Now That the Snowstorm’s Mostly Done, What’s the Damage?

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Photo: Jewel Samad/AFP/Getty Images

The results are in: Central Park logged 9.4 inches of snow as of 4 p.m., and with the snow mostly out of here, that’s about as much as Manhattan is going to get — though it’s still the largest snowfall of the season. Parts of Connecticut and Long Island, where the last flakes are falling out in Suffolk County, got more than a foot. Areas in eastern Queens also hit the 12-inch mark.

New England got hammered by this so-called Winter Storm Niko. Boston recorded its first official blizzard since January 2015, according to the National Weather Service.

New York City deployed 2,300 salt spreaders and plows to clear the thousands of main and side streets. Wet, slushy roads are at risk of refreezing overnight because of the plummeting temperatures (lows in the teens, with single-digit wind chills), so officials are still urging caution and asking people to stay off the roads, if possible, because of black ice. Pedestrians should also be careful on those sidewalks.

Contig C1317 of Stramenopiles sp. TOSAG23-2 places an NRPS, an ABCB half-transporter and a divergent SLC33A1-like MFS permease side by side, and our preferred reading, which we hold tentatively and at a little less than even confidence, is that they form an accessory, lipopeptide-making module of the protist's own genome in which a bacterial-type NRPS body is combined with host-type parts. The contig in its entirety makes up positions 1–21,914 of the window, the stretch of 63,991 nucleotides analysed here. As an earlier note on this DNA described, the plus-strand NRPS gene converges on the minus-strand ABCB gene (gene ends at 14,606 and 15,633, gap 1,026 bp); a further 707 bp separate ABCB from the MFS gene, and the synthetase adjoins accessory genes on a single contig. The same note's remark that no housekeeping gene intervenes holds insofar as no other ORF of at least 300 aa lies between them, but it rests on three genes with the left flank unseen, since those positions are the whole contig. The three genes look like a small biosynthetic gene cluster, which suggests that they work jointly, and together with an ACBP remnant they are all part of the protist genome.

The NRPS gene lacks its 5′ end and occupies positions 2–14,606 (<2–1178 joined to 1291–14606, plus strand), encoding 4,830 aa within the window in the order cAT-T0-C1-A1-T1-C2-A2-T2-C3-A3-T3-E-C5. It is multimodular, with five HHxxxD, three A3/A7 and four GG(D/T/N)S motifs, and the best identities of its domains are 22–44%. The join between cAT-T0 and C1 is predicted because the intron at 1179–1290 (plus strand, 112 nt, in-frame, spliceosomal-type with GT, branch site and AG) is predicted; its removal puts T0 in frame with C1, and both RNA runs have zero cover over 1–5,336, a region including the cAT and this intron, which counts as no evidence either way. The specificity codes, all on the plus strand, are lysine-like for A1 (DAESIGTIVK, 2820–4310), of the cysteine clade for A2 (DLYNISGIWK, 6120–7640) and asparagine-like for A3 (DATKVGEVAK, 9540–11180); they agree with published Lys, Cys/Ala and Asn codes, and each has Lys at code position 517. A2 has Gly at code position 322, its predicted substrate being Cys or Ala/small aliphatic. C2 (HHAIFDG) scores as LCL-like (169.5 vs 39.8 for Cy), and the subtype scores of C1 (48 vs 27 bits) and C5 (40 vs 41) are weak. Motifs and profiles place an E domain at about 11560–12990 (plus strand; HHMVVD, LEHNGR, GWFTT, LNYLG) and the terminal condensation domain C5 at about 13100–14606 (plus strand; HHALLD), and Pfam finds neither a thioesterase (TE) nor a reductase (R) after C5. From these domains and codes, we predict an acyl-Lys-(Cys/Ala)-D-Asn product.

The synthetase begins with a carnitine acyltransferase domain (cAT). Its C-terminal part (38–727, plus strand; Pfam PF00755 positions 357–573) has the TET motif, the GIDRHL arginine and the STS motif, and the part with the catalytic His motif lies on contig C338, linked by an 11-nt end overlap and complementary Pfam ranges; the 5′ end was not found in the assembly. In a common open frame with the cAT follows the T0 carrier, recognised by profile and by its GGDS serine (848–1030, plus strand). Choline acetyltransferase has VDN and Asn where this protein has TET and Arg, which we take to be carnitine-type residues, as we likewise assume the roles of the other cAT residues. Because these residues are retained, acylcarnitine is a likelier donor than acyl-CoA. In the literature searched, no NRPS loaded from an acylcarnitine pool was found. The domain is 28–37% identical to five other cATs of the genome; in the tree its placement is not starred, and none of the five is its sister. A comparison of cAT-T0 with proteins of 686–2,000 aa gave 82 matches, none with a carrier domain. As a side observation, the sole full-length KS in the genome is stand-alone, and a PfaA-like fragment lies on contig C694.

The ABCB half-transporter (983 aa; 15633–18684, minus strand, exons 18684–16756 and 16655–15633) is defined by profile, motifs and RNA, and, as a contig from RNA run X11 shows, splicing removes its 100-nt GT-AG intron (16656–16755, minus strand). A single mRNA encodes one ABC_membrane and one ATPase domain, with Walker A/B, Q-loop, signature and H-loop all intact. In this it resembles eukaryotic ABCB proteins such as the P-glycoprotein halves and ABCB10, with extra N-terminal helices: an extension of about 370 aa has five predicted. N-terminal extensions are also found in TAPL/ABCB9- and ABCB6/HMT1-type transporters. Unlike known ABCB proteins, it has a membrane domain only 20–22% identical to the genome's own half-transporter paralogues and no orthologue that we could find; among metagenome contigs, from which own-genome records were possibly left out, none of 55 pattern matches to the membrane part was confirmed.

The New York City subway mostly survived the snowstorm. There were a few delays and service changes across lines, so more or less a normal weekday. Bus are taking some detours, and regional rail lines — LIRR, Metro North, and New Jersey Transit — are running, though there have been some cancellations and delays. Thousands of flights out of JFK, LaGuardia, and Newark were canceled. But sorry, kids: Schools will be open Friday.

New York did witness one storm-related death, after an Upper East Side doorman slipped on a step and fell through a window. The 59-year-old had just finished shoveling snow when he tumbled headfirst into the window, shattering the glass, which cut him across the throat.

Now That the Snowstorm’s Mostly Done, What’s the Damage?